—Ivan Illich, Deschooling Society

In the play a young man meets the long-awaited Hidden Imam, who informs him that he has been selected to help bring justice and order to the world. The young man balks. He has college entrance exams the next day, he tells the imam. He has studied obsessively, he explains, and cannot afford to miss them. He then turns to the imam and asks: “Can’t we save the world next week?”

—Afshin Molavi, The Soul of Iran: A Nation’s Journey to Freedom

ACTS OF INTIMIDATION and formal warning filled the month of June as authorities in Iran scrambled to contain the unexpected mobilization of millions of young people during the buildup to the 2009 presidential elections in Iran. For weeks, the streets of Tehran and other major cities had been filled with spontaneous but unauthorized rallies by partisans of all political stripes, proclaiming the virtues of their candidates. By June 12, what had been at best a guarded tolerance to these gatherings quickly gave way to force and violent crackdown as Iran tumbled into what would become the largest political and social crisis since the 1979 revolution. With the validity of the elections called into question, millions of Iranians took to the streets to demand, “Where is my vote?”1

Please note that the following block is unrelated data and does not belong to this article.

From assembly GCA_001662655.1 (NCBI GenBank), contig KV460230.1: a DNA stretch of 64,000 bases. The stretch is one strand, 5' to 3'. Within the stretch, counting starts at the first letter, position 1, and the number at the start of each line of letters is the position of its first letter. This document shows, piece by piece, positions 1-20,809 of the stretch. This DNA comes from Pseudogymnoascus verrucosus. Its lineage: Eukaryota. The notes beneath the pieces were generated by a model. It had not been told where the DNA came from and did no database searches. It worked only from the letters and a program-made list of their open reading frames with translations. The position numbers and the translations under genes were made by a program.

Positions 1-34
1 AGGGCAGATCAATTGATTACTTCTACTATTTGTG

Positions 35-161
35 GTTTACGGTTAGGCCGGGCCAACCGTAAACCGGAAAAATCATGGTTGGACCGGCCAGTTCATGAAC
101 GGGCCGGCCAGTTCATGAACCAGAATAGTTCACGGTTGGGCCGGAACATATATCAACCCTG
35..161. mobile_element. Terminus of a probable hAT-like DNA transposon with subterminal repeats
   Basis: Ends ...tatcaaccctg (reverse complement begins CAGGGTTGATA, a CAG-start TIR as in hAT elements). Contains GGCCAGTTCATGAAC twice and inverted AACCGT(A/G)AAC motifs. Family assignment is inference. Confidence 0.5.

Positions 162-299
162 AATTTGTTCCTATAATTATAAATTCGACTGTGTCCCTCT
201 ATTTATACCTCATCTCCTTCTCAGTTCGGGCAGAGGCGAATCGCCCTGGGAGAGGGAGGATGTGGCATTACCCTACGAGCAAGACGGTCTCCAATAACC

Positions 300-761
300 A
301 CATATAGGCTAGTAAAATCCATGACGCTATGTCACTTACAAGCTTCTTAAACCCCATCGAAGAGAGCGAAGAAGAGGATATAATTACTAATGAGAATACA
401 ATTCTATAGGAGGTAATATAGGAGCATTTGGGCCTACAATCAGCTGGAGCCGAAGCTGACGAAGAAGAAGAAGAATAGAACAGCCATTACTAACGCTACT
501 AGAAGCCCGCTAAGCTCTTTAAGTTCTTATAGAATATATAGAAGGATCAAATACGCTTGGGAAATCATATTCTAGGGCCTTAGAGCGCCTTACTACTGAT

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7. Presents from the Past

Bernhard, Virginia Texas State Historical Assn Press ePub

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Presents from the Past